A two-step analysis considered the uncertainties associated with the exposure?response relation. In the first, we compared estimates from the risk models considered. That is, we considered six separate exposure?response relations. The second step consisted of quantifying uncertainties associated with each of the six exposure?response relations. We then approximated these six exposure?response relations and their confidence intervals to the more appropriate statistical distribution of the risk coefficients (BEIR 1999; Darby et al. 2005; Lubin 2003; Tirmarche et al. 2003). This step made it possible to determine a UI associated with the number of lung cancer deaths estimated according to each of the six exposure?response relations.

Despite the uncertainties concerning the interaction parameter between tobacco and radon proposed by BEIR (1999), no one has published a variance estimate for this coefficient. To reflect this uncertainty, we assumed that it varies by approximately 10% around the published value, according to a uniform distribution.


Results

Table 1 shows the estimated number of lung cancer deaths attributable to indoor radon exposure in France, in view of the uncertainties about the exposure?response relation and the geographic variations of radon exposure. Depending on the risk model used, the total number of lung cancer deaths associated with indoor radon exposure in France for 1999 ranges from 543 (90% UI, 75?1,097) to 3,108 (90% UI, 2,996?3,221). The calculations suggest that of the 25,134 lung cancer deaths in France that year, from 2% (90% UI, 0.3?4.4%) to 12% (90% UI, 11?13%) may be attributed to indoor radon exposure. These estimates vary according to the exposure?response relation used in the risk assessment (Table 1). The Lubin1 model, from the joint analysis of the seven North American case-control studies (Lubin 2003), produced the fewest attributable deaths, the model derived from the French and Czech cohort of uranium miners (Tirmarche et al. 2003) the most. Table 1 shows that uncertainty coefficients based on models from the cohort of miners are lower than those based on models from joint analyses of general population case-control studies.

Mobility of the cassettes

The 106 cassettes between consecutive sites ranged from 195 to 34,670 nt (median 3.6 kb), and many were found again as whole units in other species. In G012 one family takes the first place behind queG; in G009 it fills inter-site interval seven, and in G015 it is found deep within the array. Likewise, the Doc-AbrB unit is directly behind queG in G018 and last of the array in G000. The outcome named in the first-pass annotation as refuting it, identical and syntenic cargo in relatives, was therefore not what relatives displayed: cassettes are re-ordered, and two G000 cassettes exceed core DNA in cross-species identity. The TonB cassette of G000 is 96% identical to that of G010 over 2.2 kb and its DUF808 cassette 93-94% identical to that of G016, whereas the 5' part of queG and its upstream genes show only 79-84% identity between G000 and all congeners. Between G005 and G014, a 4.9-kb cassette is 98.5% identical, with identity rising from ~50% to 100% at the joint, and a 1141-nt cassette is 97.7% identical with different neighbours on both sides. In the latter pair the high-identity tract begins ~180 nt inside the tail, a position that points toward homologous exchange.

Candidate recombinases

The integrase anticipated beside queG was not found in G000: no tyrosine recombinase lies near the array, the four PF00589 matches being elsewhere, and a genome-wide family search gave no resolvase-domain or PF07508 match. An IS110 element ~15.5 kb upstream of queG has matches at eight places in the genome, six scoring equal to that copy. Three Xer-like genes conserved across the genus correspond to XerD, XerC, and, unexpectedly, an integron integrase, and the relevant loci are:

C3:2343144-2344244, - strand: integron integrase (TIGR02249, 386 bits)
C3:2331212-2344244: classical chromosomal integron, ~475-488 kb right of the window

Table 2 reports the estimated number of lung cancer deaths attributable to indoor radon exposure in France in 1999, taking into account the interaction between tobacco and radon on the risk of lung cancer. Approximately three times more deaths occurred among smokers than among nonsmokers. The calculations suggest that the attributable percentage is low for smokers: of the 23,626 lung cancer deaths among smokers, from 8% (90% UI, 7?9%) to 11% (90% UI, 10?12%) may be attributable to indoor radon exposure, whereas from 36% (90% UI, 32?40) to 50% (90% UI, 46?55) of the 1,508 lung cancer deaths among nonsmokers may be so attributable.

Although most of the radon-attributable lung cancer deaths in France may be due to exposure of < 200 Bq/m3 (Figure 2), 27% appear to occur among the 9% of the population exposed to concentrations > 200 Bq/m3.


Discussion

In this study we estimate the number of lung cancer deaths in France in 1999 attributable to indoor radon exposure, according to the risk assessment method proposed by the NRC (Covello and Merkhofer 1993; NRC 1983). The consideration of several different exposure?response relations, which come from either cohorts of miners or residential case-control studies, allows us to compare estimates of attributable deaths based on various exposure?response relations. Data from miners makes it possible to investigate the interaction between tobacco and radon (BEIR 1999). We also considered the variability of domestic exposure to radon between and within French departments, as well as uncertainties associated with the exposure?response coefficients.